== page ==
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John Lennon
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John Winston Lennon was born on October 9, 1940, to Alfred and Julia Lennon, who divorced before John was three years old. The night of his birth was fraught with explosions by Nazi airplanes; one exploding just outside the hospital he is born in. Alfred took his son to New Zealand when the boy was six, and John decided he wanted to live at sea for the rest of his life. Julia brought the boy home immediately, where he was raised by his Aunt Mimi and Uncle George.

John's life ambition changed drastically when Elvis Presley burst onto the scene. Mimi said, "From then on, I never got a minute's piece. It was Elvis Presley, Elvis Presley, Elvis Presley. In the end I said, 'Elvis Presley's all very well, John, but I don't want him for breakfast, dinner, and tea.'" Mimi bought John a guitar and shortly thereafter he formed his first band, The Quarrymen. Eventually he met Paul McCartney, who amazed John with his ability to tune a guitar.

John started to attend art school, but soon quit. There he met his first wife Cynthia and Stuart Sutcliff. Although Sutcliff had very little musical ability he bought a bass guitar and joined The Quarrymen.

Throughout his life in the Beatles, John was known for his talent in writing songs which clearly show his emotions. However, his feelings were best shown in a 1966 interview when he predicted the end of Christianity and stated that the Beatles were "more popular than Jesus." After 22 radio stations banned Beatles records and dozens of public incinerations of Beatle records and memorabilia, John publicly apologized, with the band's manager Brian Epstein adding, "(He) was quoted out of context."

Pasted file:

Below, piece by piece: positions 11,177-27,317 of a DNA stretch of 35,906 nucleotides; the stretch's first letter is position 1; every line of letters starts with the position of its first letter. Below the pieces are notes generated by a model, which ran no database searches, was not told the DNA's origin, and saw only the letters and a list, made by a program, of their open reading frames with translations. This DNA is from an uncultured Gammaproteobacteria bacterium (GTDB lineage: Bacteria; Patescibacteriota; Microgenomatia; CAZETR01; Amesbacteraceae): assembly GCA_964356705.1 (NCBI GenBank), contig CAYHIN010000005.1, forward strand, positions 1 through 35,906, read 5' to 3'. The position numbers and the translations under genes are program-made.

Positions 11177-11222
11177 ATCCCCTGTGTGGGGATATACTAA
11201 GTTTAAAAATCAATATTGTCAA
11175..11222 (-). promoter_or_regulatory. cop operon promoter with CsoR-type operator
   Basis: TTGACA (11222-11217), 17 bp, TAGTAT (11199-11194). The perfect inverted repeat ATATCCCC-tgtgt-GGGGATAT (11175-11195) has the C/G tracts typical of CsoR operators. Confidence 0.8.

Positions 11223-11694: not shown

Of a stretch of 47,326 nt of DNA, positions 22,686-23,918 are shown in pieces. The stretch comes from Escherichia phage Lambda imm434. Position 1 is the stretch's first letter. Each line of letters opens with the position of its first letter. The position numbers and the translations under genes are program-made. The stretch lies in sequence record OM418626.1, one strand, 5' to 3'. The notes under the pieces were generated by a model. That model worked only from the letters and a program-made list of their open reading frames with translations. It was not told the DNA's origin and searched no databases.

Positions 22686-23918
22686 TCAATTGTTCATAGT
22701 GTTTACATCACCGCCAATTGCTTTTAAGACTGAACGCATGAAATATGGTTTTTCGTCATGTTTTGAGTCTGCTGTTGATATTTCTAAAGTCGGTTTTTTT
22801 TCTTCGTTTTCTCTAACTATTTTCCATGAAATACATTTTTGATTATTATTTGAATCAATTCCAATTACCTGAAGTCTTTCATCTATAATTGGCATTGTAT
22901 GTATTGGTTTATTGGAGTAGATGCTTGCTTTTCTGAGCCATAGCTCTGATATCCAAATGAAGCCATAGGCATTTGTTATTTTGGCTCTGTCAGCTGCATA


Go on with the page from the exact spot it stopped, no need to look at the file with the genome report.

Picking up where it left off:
There was no question that John was the head of the band, that is, until 1967. By then John had become unbelievably lazy; the inspirations for his songs were coming from TV commercials (Good Morning Good Morning) and posters from his bedroom ("Being For The Benefit Of Mr. Kite!"). It was then that Paul unofficially assumed the leadership of the group and, coupled with the death of Brian Epstein, led to endless bickering and eventually the band's breakup.

In 1968, John left wife Cynthia and son Julian for Yoko Ono, an artist whom he had developed a deep love for. The couple married and held two bed-ins for peace. The other Beatles' hostility toward Yoko widened an already dangerous riff and is also credited in breaking up the band. Soon after the wedding, he legally changed his middle name to "Ono."

After the Beatles, John released several solo albums, including the Grammy-nominated Double Fantasy, recorded with Yoko. On December 8, 1980, after a night of working on new recordings, John was shot to death just outside his apartment by Mark David Chapman. His death marked the end of an era when love and peace were revered and greed and hate were denounced. Every year on the anniversary of his death fans gather outside the apartment and leave flowers, poems, and pictures.

 

 
 

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